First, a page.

FG: I would definitely want to take that fight. If they offer it to me I want it to be a five-round fight. In the fourth and fifth he is done. He barely had enough to stay away from me in the third round where he was just running. I don’t see how you win a fight like that. It is what it is. It’s in the history books now. Once I get that shot again, I will put him away.

Q: You said your first Bellator win against Karl Ammassou was “the moment I knew I changed my stars forever.” Why?

FG: For a long time, I was on the backburner. Even now, I’m not being promoted. I knew eventually they were going to be promoting me. It’s been like that at every show I’ve been at. I don’t look the most impressive but I know how to fight. I give the fans a great fight and a different style. I am breaking these guys down mentally and physically. I knew with that style I just needed to be able to get on a big stage at a big show with a full training camp to be able to showcase that. Here I am, 6-1 – I think I should be 7-0 with the promotion. I am just going to continue that trend of giving fans great fights. Once I get my belt I will have even more exciting fights.

Q: How close did you come to retiring before you joined Bellator?

FG: I am married, so she stuck with me through all the hard times. It started to get to the point where we were still struggling. We have our son now and we aren’t making it. It was just enough money to get by. After a while nobody wanted to fight me because they were looking to get into the big show. They wanted to save their record and they didn’t want to take a loss to me. It was difficult to get a fight. But I didn’t want to give up on my dream. I watch Entourage and one of the things they talk about on the show is that the lotto ticket winner doesn’t throw away the ticket. I knew what I had. I knew I could give the fans a great show and make a living off what I do. It was a tough time, man. It was rough.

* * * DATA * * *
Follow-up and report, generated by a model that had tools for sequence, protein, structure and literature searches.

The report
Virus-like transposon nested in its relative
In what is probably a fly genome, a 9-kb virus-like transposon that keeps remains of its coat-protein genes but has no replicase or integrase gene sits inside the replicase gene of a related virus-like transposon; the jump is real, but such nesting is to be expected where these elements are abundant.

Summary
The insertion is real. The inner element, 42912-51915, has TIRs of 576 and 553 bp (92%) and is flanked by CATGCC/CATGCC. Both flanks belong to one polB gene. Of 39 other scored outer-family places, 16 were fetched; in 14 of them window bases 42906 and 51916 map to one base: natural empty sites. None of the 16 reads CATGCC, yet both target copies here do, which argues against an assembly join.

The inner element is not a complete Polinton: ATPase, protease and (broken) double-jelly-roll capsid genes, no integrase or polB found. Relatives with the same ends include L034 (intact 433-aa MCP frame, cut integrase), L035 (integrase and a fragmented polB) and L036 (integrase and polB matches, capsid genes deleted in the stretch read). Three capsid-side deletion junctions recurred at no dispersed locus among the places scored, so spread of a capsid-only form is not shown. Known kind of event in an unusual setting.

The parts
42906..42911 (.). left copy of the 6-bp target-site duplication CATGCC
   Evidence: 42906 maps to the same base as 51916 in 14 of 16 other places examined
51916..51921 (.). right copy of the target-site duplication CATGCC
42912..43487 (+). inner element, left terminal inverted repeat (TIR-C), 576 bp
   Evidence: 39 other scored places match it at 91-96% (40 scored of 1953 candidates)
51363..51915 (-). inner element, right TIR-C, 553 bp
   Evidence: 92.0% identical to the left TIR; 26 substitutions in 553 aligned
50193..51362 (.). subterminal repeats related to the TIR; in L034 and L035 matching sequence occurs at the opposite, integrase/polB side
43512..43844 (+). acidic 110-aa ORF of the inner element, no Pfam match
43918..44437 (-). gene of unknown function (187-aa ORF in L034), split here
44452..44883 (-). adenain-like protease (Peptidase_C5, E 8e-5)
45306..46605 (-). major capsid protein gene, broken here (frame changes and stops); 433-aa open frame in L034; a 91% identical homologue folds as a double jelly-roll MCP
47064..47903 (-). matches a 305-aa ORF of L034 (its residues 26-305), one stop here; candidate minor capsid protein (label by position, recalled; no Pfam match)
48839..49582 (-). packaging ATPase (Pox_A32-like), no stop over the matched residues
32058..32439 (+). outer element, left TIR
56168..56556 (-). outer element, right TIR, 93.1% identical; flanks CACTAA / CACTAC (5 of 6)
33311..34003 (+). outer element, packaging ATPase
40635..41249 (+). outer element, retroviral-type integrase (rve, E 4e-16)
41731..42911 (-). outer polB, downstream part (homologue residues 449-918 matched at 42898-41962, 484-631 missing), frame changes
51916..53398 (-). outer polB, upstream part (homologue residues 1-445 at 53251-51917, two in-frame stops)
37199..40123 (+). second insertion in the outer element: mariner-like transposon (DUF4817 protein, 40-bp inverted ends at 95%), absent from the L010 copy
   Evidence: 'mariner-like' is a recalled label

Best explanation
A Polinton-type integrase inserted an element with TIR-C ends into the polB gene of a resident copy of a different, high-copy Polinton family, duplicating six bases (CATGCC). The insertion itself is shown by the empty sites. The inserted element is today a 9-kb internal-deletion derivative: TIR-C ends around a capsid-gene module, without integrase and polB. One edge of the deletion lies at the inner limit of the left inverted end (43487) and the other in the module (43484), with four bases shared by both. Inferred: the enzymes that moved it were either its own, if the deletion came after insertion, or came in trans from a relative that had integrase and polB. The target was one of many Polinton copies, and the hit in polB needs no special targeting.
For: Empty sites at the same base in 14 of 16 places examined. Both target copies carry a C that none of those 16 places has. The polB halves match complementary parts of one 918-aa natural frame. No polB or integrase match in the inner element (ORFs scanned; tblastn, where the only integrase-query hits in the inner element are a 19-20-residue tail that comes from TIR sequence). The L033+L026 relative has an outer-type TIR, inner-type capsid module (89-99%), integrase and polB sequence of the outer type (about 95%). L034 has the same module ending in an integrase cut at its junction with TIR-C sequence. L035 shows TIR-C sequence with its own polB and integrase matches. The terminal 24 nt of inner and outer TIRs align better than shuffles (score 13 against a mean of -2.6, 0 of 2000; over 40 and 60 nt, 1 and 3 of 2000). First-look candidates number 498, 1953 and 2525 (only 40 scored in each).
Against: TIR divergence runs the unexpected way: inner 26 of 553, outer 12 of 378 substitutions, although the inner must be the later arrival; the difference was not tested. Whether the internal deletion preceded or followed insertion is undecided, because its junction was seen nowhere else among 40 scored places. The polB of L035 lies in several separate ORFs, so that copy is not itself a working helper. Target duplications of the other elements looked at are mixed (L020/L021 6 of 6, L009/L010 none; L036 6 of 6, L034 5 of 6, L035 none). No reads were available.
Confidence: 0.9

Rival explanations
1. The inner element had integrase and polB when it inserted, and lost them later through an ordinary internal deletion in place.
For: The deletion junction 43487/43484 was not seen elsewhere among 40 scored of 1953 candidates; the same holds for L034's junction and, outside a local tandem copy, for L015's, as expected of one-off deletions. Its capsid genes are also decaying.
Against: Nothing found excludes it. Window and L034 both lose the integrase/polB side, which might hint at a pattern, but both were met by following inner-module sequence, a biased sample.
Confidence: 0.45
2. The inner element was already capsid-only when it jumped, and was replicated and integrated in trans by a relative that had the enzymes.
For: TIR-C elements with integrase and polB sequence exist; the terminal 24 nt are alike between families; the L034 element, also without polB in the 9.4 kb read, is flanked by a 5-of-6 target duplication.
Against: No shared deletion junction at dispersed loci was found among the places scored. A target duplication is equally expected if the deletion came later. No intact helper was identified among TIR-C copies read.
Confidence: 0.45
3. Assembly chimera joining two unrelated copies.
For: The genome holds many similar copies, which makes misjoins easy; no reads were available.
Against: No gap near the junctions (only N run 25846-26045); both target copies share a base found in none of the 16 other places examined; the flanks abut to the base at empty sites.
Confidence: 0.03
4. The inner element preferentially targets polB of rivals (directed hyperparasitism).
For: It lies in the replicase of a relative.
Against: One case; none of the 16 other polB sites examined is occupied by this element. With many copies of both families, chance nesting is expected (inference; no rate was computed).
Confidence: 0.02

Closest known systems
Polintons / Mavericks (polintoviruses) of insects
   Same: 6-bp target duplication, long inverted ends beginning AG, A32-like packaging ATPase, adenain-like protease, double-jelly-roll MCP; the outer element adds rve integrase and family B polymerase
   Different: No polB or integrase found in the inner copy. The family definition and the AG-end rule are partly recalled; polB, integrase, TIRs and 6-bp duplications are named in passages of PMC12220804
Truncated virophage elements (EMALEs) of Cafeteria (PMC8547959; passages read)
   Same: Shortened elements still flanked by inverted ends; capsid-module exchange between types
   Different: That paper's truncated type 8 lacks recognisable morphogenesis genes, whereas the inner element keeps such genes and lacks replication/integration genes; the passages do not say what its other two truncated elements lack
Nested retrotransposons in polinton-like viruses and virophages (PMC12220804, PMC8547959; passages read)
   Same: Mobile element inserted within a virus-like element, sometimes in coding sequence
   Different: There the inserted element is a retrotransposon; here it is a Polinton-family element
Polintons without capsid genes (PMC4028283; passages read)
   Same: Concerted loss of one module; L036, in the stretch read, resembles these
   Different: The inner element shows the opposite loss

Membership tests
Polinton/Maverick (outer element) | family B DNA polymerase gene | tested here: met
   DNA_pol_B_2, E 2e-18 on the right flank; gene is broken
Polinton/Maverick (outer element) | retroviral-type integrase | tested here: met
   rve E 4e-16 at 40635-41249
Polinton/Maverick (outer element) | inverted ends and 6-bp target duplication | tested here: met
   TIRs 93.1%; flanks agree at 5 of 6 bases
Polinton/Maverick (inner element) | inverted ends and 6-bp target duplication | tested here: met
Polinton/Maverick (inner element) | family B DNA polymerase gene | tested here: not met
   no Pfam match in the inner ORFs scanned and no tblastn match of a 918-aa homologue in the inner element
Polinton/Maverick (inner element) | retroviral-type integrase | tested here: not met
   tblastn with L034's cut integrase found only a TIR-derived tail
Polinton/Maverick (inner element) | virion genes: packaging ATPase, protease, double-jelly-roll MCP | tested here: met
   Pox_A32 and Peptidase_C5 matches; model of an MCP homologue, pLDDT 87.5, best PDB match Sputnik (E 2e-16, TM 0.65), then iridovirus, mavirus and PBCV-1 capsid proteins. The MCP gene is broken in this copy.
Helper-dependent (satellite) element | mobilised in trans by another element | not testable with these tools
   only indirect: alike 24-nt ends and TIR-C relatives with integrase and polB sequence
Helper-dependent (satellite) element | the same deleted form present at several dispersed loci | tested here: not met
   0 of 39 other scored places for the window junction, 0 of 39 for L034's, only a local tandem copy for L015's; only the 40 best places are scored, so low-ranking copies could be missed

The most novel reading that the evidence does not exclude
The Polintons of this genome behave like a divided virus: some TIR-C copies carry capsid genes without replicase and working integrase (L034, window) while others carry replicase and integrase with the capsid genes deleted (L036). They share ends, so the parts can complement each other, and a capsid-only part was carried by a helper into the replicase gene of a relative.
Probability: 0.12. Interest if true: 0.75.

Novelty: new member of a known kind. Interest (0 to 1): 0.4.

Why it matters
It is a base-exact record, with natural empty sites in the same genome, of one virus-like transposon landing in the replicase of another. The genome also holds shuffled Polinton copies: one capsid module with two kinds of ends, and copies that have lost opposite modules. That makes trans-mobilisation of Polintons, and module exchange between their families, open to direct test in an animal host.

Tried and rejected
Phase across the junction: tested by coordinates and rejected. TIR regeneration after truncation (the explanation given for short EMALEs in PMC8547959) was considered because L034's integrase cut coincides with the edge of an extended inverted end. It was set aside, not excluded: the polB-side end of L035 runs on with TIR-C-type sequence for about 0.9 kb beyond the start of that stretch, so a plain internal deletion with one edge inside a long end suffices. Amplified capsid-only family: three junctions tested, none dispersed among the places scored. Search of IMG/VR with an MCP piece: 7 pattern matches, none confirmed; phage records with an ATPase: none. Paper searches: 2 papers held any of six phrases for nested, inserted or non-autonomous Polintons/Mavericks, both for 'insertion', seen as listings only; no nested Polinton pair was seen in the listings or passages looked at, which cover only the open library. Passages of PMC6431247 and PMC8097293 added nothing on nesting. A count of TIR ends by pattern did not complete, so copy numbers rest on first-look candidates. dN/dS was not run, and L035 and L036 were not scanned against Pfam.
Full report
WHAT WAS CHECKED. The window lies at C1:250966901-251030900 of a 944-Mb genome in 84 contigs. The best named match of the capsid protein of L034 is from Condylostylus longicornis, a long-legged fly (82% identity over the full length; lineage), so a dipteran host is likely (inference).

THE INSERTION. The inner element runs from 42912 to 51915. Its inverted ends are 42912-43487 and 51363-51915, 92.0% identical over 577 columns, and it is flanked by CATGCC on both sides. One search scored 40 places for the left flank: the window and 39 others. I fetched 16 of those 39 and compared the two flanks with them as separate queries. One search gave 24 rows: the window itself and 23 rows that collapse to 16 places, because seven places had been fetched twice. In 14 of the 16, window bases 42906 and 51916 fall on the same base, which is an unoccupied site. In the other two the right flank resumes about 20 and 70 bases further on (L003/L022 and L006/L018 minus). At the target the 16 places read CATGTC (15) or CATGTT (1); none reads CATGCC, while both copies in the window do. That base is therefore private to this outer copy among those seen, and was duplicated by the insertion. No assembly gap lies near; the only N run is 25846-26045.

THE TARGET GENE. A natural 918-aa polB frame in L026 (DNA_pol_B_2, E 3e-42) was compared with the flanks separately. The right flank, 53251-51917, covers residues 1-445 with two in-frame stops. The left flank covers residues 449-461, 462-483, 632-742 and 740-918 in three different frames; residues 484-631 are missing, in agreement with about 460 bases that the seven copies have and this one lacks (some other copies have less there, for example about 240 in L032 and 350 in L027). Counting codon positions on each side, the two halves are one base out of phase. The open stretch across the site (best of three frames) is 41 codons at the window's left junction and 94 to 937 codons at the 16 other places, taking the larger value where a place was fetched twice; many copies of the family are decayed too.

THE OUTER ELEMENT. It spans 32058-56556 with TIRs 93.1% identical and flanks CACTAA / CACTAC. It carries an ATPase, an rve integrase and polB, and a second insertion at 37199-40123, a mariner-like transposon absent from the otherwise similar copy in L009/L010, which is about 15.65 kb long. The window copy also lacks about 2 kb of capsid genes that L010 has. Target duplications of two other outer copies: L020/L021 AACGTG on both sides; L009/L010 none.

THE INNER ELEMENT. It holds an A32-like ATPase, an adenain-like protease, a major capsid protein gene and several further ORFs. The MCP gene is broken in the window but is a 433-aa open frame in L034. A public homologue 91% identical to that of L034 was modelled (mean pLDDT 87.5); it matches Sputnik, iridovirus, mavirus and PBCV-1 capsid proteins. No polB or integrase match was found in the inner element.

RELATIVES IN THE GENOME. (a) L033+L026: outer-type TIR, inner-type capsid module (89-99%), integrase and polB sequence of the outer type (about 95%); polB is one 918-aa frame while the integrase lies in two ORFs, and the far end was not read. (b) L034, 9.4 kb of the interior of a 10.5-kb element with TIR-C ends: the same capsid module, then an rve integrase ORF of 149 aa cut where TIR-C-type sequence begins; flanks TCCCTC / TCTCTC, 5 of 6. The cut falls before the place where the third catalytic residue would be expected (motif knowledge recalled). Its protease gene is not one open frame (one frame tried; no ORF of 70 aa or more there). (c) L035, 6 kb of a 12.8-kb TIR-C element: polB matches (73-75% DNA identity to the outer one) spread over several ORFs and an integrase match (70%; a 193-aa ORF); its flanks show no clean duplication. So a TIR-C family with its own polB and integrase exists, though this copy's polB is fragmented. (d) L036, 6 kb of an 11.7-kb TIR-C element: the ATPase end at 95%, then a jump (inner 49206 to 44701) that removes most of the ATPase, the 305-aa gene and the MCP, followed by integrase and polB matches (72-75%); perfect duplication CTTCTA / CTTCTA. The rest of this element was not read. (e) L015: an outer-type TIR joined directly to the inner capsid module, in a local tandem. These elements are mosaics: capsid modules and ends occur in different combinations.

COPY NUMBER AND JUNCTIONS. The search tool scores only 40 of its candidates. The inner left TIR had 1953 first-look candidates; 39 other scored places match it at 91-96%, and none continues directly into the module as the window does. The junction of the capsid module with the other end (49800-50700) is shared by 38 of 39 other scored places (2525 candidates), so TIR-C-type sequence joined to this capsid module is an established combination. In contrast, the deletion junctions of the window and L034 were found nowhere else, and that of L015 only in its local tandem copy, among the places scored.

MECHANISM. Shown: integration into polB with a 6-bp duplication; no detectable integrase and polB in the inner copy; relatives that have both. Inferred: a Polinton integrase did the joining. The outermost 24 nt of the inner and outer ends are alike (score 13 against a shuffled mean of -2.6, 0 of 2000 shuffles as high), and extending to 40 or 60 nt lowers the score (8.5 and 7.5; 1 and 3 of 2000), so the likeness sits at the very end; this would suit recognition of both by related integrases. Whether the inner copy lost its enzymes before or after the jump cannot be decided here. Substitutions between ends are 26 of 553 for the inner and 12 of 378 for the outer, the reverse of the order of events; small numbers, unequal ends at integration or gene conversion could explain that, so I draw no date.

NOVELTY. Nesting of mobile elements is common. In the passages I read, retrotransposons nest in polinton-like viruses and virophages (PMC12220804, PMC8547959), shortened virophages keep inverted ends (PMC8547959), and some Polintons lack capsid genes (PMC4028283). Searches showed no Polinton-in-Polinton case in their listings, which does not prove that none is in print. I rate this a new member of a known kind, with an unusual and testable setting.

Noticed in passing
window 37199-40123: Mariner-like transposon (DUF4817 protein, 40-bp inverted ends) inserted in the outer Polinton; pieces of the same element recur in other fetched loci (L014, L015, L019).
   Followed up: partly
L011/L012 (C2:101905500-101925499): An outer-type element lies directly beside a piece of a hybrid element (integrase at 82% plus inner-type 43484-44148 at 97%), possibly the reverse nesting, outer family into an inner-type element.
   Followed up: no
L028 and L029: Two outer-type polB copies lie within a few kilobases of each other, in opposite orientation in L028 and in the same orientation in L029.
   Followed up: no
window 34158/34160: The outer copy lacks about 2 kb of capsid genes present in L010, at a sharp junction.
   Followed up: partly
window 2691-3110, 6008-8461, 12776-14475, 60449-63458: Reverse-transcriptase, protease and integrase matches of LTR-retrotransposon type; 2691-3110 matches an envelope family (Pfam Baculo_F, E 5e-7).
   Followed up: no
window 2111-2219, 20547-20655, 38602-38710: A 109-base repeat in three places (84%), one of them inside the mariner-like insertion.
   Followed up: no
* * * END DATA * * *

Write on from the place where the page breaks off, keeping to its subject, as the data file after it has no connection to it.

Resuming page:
Q: What was the moment where you were closest to calling it a career?

FG: I couldn’t find a fight. I was washing cars. That’s not what I wanted to do. It was eating at me. It still does. It still motivates me. I don’t ever want to get back to that point, ever. I go out there and I put my heart into every fight I have. I know now that until I decide to retire that Bellator will keep me busy. I couldn’t even afford a ticket to get into the Bellator event when they came to my hometown. Everything worked out, man. You have to have those lows to appreciate the highs. I work my ass off every single day to never get back to that point again.

Q: Where do you get your resilience from?

FG: With my upbringing, I got into a lot of street fights as a kid. That is something that kind of molds you. It ingrains itself in you. Getting jumped is never fun. Either you are going to curl up in a ball or you are going to fight back. That’s where I knew my heart existed. When I got into boxing that deterred a lot of me getting jumped because I got good at fighting. After that, knowing I could take shots from three or four different guys at once, I knew one guy wouldn’t stand a chance. There isn’t very much they can do to hurt me or show me anything I haven’t already seen. When it’s one-on-one it’s going to be a hell of a fight.


*** This feature originally appeared in the December 2017 issue of Fighters Only magazine ***